Document Type

Journal Article

Publication Date

3-2013

Journal

Journal of Anesthesia and Clinical Research

Volume

Volume 4, Issue 3

Abstract

Background: Local anesthetics can cause vasoconstriction and disrupt neuronal impulses, reducing regional blood flow and increasing tissue oxygen consumption. This could alter regional oxygen supply and demand. Because microcirculation modifies during development and oxygen consumption kinetics differ between children and adults, we aimed to assess effects of ropivacaine Peripheral Nerve Block (PNB) on regional tissue saturation in children and young adults using Near-Infrared Spectroscopy (NIRS).

Methods: Following Institutional Review Board approval and informed consent, 20 patients undergoing PNB for various orthopedic surgeries were studied. NIRS sensors were placed on the operative limb, contralateral limb, and forehead. Tissue saturations (rSO2) were recorded at baseline and every 5 minutes for 60 minutes following ropivacaine PNB. Mean rSO2 was assessed with repeated measures ANOVA. Correlation of tissue rSO2 with cerebral oximetry was calculated and significance determined with student’s t-test.

Results: In all patients, blocked limb rSO2 decreased significantly compared to control limb 20 minutes after injection and remained lower. Control limb rSO2 and cerebral oximetry did not change over time. Non-blocked limb rSO2 demonstrated weak but significant correlation with cerebral oximetry while blocked limb rSO2 showed no correlation. Mean change in blocked limb rSO2 from baseline was significantly negative compared to a net positive mean change in the non-blocked limb.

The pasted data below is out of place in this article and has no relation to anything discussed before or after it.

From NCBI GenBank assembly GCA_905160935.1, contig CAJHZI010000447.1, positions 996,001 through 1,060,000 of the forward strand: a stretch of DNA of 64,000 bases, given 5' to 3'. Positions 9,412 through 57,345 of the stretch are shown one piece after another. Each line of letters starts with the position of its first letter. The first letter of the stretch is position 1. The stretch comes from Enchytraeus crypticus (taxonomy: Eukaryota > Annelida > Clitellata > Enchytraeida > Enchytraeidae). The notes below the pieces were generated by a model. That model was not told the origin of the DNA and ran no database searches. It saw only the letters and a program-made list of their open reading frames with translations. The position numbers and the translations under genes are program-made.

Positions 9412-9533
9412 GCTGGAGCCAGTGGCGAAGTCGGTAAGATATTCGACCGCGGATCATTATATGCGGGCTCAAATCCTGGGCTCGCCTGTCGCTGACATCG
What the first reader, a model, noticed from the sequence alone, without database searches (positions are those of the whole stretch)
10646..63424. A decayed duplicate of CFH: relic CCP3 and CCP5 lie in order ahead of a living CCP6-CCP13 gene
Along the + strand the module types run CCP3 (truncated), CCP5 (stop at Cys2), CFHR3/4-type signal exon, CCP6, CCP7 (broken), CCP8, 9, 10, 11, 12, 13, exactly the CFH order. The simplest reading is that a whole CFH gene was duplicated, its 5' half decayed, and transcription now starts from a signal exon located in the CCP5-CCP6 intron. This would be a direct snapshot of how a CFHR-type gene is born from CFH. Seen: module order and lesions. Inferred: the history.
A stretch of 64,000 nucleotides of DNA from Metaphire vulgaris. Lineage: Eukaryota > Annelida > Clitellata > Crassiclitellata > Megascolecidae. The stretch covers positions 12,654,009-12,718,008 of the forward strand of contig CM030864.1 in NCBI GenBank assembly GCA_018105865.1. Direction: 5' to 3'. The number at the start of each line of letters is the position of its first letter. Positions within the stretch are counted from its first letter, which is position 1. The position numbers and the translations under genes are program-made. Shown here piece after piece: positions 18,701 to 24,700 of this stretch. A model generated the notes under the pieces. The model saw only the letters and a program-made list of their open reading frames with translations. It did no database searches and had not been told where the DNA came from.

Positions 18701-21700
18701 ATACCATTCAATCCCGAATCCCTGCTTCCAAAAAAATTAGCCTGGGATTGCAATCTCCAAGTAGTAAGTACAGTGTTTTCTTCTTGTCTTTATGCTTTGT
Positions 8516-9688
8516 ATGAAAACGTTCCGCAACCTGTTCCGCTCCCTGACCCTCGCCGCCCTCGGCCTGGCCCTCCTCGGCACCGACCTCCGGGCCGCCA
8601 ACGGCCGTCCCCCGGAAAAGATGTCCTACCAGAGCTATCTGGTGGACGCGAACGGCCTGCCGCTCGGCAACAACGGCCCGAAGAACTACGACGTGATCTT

Conclusions: Decreased rSO2 following PNB suggests reduced local blood flow due to vasoconstriction, increased tissue oxygen consumption, or both. Changes in rSO2 provide an opportunity to develop NIRS as a non-invasive tool to identify successful PNB. Local anesthetic-induced decline in rSO2 could have implications in operative settings with ischemia or low-flow.

Comments

Reproduced with permission of OMICS Publishing Group, Journal of Anesthesia and Clinical Research

Creative Commons License

Creative Commons License
This work is licensed under a Creative Commons Attribution 3.0 License.

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